Liu Xia is the wife of Chinese dissident and Nobel Peace Prize awardee Liu Xiaobo (Liu Xiaobo is currently serving an eleven-year sentence in China for the Charter 08 Manifesto).

The excerpt from Black Sail is in her collection, Empty Chairs (Graywolf Press, 2015)

Black Sail (translated from the Chinese by Ming Di and Jennifer Stern)

You reach out your arms and pull the man
close, quiet, until his hair floats like seaweed.
Then you calm down and light a cigarette — green smoke
rises. The next day, when firecrackers
clear the way for a full black sail,
you become a gust of wind, a cloud, an eye.

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Lake Annaghmakerrig, Ireland

Poetry for After November 8, 2016

Excerpt from “I Copy the Scriptures,” by Liu Xia

Day and night,
I copy the Diamond Sutra
of Prajnaparamita.
My writing looks more and more
square.
It proves that I have not gone
entirely
insane, but the tree I drew
hasn’t grown a leaf.

from the collection Empty Chairs: Selected Poems by Liu Xia, translated from the Chinese by Ming Di and Jennifer Stern (Graywolf Press, 2015)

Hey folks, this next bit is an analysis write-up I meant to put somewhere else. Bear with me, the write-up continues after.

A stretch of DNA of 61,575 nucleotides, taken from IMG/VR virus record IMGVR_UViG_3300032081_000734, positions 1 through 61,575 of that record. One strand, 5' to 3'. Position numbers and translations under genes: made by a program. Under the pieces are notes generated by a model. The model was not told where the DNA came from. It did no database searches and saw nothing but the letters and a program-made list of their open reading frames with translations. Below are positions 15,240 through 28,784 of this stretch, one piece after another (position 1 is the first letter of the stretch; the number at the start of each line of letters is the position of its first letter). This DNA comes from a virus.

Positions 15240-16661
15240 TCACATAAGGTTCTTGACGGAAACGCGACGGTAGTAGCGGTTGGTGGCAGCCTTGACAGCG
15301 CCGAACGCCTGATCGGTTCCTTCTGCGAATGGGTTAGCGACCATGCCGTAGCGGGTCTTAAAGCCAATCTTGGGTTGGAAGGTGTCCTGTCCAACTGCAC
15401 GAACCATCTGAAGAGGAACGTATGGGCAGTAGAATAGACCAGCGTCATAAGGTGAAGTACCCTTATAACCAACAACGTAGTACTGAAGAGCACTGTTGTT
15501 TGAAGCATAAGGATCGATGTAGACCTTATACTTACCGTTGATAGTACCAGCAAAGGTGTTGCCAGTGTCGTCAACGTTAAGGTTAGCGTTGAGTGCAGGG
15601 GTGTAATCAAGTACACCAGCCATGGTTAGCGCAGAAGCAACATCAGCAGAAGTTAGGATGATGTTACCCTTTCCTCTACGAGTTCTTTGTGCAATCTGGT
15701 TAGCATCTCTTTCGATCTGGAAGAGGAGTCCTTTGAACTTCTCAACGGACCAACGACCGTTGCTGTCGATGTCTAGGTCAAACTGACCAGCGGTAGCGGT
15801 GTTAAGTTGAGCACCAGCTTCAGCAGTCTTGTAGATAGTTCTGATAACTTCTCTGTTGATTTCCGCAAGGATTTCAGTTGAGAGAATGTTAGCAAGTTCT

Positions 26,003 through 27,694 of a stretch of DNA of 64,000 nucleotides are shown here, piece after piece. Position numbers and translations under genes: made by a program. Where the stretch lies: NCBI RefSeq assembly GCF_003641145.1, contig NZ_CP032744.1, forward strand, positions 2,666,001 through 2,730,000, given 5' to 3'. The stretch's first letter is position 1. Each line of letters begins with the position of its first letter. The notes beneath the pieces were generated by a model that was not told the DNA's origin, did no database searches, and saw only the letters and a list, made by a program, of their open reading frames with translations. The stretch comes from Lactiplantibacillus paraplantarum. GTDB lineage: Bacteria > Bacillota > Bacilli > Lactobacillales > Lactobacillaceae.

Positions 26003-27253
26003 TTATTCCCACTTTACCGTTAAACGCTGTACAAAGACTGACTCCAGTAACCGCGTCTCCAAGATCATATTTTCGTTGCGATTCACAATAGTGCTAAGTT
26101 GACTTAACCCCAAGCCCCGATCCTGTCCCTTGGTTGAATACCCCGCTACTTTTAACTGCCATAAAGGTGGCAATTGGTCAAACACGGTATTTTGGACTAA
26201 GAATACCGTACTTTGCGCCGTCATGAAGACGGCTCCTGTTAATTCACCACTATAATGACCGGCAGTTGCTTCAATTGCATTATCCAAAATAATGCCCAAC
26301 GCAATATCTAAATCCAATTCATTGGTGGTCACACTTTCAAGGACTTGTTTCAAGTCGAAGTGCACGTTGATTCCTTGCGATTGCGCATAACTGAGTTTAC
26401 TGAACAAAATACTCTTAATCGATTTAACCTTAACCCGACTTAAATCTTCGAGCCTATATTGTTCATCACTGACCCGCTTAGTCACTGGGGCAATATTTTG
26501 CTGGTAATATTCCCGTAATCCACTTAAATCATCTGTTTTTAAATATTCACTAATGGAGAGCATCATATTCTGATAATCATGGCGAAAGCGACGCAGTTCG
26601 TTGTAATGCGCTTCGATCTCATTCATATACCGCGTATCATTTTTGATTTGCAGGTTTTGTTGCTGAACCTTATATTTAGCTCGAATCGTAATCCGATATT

Most Amazing

The London Review Bookshop has a film club. Once a month, they show a film, and bring in the director for Q & A. When self was there, earlier this year, she caught a showing of Sally Potter’s Yes.

The entire film is told in iambic pentameter. Self gets goosebumps just remembering. She asked Sally Potter at the reception: “Is the screenplay available?” When Sally said yes, self wanted to do cartwheels. As soon as she could, she ordered a copy of the screenplay.

The heart of the movie is a woman played by a luminous Joan Allen. She visits a dying aunt in Belfast. The SHE in the excerpt below is Joan Allen’s character. The setting is a hospital:

Aunt:

You’re late again. Don’t worry. Never mind.
I know you’re busy. It’s the kind
Of life you lead. But then you chose it, so
I guess you want it. Always to and fro,
You never stop.

SHE tiptoes into the ward and stands looking down at her aunt who lies immobile, her eyes closed, in the bed.

Aunt (cont’d):

Unlike myself. I’m here
To stay. For just how long, who knows. I fear
It could be ages. It creeps up on you,
This funny business. First a creak or two,
Your knees, perhaps, and — bingo! — then you’re old
And in a bed.

SHE kisses her aunt’s forehead gently, pulls up a chair and sits down by the bed.

She (whispering):

Oh, auntie . . .

When you’re watching the film, you’re aware of the rhyme, but instead of distracting you, it helps you concentrate. Amaaaaazing.

Stay tuned, dear blog readers. Stay tuned.